The Correspondence Series spans much of Morgan's adult life. It is divided into two subseries: Correspondence by Name and Correspondence by Decade. The Correspondence by Name Subseries chiefly consists of Morgan's correspondence with family members, friends, fellow feminist activists and contemporary authors and critics. The bulk of the items in the Correspondence by Decade Subseries dates from the 1990s and relates to the production of Ms. magazine. The Correspondence Series is restricted: patrons must sign an Acknowledgment of Legal Rights and Responsibilities form before using the materials.

The Writings Series documents Morgan's career as a poet, novelist, essayist and journalist. Of Morgan's eighteen books, ten are represented in individual subseries. Particularly noteworthy is the material related to Sisterhood is Global, which provides an inside view into the production of the anthology. The series also contains some of Morgan's earliest unpublished writings as well as files containing her comments on other writers' work, and single issues of periodicals in which she published her poetry. The Writings Series is also restricted: patrons must sign an Acknowledgment of Legal Responsibilities and Privacy Rights form before using the materials.

The Speeches and Interviews Series primarily contains peripheral documentation such as contracts, correspondence, and schedules. However, there are drafts of a number of her speeches and interviews.

Materials which Morgan collected over the years concerning American and international feminism are located in the Subject Files Series. The materials cover a number of topics, including women's economic, political, and social status, and feminist action - especially in South Africa, the Soviet Union, and the Middle East; rape, abortion, terrorism, female genital mutilation, and pornography; and the first feminist demonstration against the Miss America Pageant. Significant figures represented in the subject files include Marilyn Waring, Patricia Hearst, and Gloria Steinem. Two subseries contain administrative information about Ms. magazine and the Sisterhood is Global Institute. The Subjects Series is restricted: patrons must sign an Acknowledgment of Legal Rights and Responsibilities form before using the materials.

The smaller Personal Files Series offers materials related to Robin Morgan's education, early critical writing, and her many trips overseas. The series also includes material that Morgan requested under the Freedom of Information Act from the FBI and CIA about her own activities.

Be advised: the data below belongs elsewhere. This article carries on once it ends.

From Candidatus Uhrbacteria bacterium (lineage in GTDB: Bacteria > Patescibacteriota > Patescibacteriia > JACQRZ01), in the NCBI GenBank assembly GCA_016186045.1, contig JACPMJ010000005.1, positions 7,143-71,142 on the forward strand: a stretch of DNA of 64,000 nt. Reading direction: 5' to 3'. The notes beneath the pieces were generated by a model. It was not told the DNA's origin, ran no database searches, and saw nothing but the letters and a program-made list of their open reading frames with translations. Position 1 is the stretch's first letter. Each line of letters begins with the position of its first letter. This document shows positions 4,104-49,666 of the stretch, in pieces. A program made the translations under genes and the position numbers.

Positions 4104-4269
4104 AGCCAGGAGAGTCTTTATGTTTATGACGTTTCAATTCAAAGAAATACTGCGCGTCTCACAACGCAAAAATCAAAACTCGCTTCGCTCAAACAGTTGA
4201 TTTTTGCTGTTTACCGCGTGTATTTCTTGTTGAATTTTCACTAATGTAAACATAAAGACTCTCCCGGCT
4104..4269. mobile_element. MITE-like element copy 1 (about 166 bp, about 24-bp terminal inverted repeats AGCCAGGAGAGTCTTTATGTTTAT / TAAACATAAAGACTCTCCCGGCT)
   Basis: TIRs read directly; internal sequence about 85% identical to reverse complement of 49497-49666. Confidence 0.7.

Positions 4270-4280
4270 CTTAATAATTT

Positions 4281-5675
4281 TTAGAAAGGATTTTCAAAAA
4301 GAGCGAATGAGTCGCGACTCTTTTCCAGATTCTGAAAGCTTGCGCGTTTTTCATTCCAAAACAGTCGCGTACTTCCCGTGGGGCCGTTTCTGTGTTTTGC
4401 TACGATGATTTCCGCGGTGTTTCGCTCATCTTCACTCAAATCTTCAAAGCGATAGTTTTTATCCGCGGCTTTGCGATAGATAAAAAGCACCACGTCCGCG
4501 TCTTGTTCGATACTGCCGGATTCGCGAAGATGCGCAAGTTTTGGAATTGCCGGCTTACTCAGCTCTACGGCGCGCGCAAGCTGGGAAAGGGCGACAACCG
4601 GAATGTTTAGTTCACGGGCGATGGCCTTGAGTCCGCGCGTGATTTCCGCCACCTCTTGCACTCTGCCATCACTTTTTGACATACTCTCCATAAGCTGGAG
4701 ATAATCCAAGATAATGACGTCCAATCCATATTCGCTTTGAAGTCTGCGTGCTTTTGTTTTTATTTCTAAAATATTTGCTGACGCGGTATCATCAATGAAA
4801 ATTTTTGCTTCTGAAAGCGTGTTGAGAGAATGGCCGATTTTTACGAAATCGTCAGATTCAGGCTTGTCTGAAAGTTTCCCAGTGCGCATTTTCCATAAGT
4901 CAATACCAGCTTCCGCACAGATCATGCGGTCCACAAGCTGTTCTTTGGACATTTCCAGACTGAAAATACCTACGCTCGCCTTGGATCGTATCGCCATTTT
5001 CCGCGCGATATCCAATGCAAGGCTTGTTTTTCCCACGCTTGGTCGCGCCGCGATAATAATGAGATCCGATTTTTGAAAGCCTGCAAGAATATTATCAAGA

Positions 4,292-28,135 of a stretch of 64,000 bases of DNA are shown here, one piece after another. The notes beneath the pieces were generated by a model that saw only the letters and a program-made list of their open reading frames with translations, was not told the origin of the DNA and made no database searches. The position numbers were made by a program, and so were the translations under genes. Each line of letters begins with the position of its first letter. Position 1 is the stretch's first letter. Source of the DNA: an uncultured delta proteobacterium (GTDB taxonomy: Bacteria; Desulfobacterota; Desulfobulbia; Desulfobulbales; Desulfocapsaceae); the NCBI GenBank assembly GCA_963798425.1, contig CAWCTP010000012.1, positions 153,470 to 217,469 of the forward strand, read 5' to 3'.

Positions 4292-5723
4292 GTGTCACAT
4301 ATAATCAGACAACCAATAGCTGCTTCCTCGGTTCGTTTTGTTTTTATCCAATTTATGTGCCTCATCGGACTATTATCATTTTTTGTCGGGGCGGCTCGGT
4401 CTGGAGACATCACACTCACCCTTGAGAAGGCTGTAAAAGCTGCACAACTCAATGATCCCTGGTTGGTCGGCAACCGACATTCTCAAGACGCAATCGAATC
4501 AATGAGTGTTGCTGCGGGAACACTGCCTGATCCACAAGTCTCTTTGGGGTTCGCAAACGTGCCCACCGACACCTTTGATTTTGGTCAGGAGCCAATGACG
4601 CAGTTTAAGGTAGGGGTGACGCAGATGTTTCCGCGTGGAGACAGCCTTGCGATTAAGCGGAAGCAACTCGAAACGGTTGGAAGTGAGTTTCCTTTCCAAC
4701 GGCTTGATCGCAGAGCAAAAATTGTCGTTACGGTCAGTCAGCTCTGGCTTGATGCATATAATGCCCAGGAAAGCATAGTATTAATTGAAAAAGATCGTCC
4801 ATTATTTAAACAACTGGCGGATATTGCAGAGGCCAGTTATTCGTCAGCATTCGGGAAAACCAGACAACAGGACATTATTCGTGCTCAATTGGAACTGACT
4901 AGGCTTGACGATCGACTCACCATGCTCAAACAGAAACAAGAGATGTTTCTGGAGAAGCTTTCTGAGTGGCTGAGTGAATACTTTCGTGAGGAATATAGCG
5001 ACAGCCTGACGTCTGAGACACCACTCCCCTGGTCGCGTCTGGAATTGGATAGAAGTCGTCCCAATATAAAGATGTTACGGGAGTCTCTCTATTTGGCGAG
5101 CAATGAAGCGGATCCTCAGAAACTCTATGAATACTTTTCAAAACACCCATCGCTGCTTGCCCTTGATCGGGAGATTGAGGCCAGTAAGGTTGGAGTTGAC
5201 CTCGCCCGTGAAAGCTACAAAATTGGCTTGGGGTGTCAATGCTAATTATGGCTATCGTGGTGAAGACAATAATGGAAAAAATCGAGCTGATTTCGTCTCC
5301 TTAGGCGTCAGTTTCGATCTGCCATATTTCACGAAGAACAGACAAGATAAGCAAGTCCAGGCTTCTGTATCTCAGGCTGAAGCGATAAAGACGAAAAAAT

The documents in the Teaching Materials Series are primarily related to Morgan's academic positions at New College (Sarasota, Fla.) and the University of Denver, and the courses she taught on feminism and writing. The files include both administrative documentation as well as actual course material, but there are also clippings related to feminist protests on campus.

The Audio-Visual Materials Series contains numerous interviews on cassette tapes that Morgan conducted in the Middle East, a recording of her reading of selected poems from A Hot January, and a videotape about the production of Saturday's Child. Permission is not granted to publish interviews conducted in the Middle East; the researcher is responsible for obtaining permission to publish. Original copies of audiovisual materials are not open to use; however, use copies are available to researchers.

The Photographic and Visual Materials Series provides a small visual supplement to the other documents in the collection and includes portrait photographs of Morgan taken by the press and by her close friends, as well as snapshots of social gatherings. This series also includes two painted portraits of Morgan. The series is restricted: patrons must sign an Acknowledgment of Legal Rights and Responsibilities form before using the materials.

Later additions (Accessions 2009-0069, 2010-0176, 2015-0060) have not been fully processed, but boxlists are available in the Detailed Description portion of this finding aid. Some portions are restricted or closed.

For collections related to the Robin Morgan Papers, see the Phyllis Chesler, Merle Hoffman, and Kate Millett Papers, all located in the Duke University David M. Rubenstein Rare Book & Manuscript Library. In addition to Robin Morgan's own papers, the Library also holds the records of the Sisterhood is Global Institute, founded by Morgan in 1984.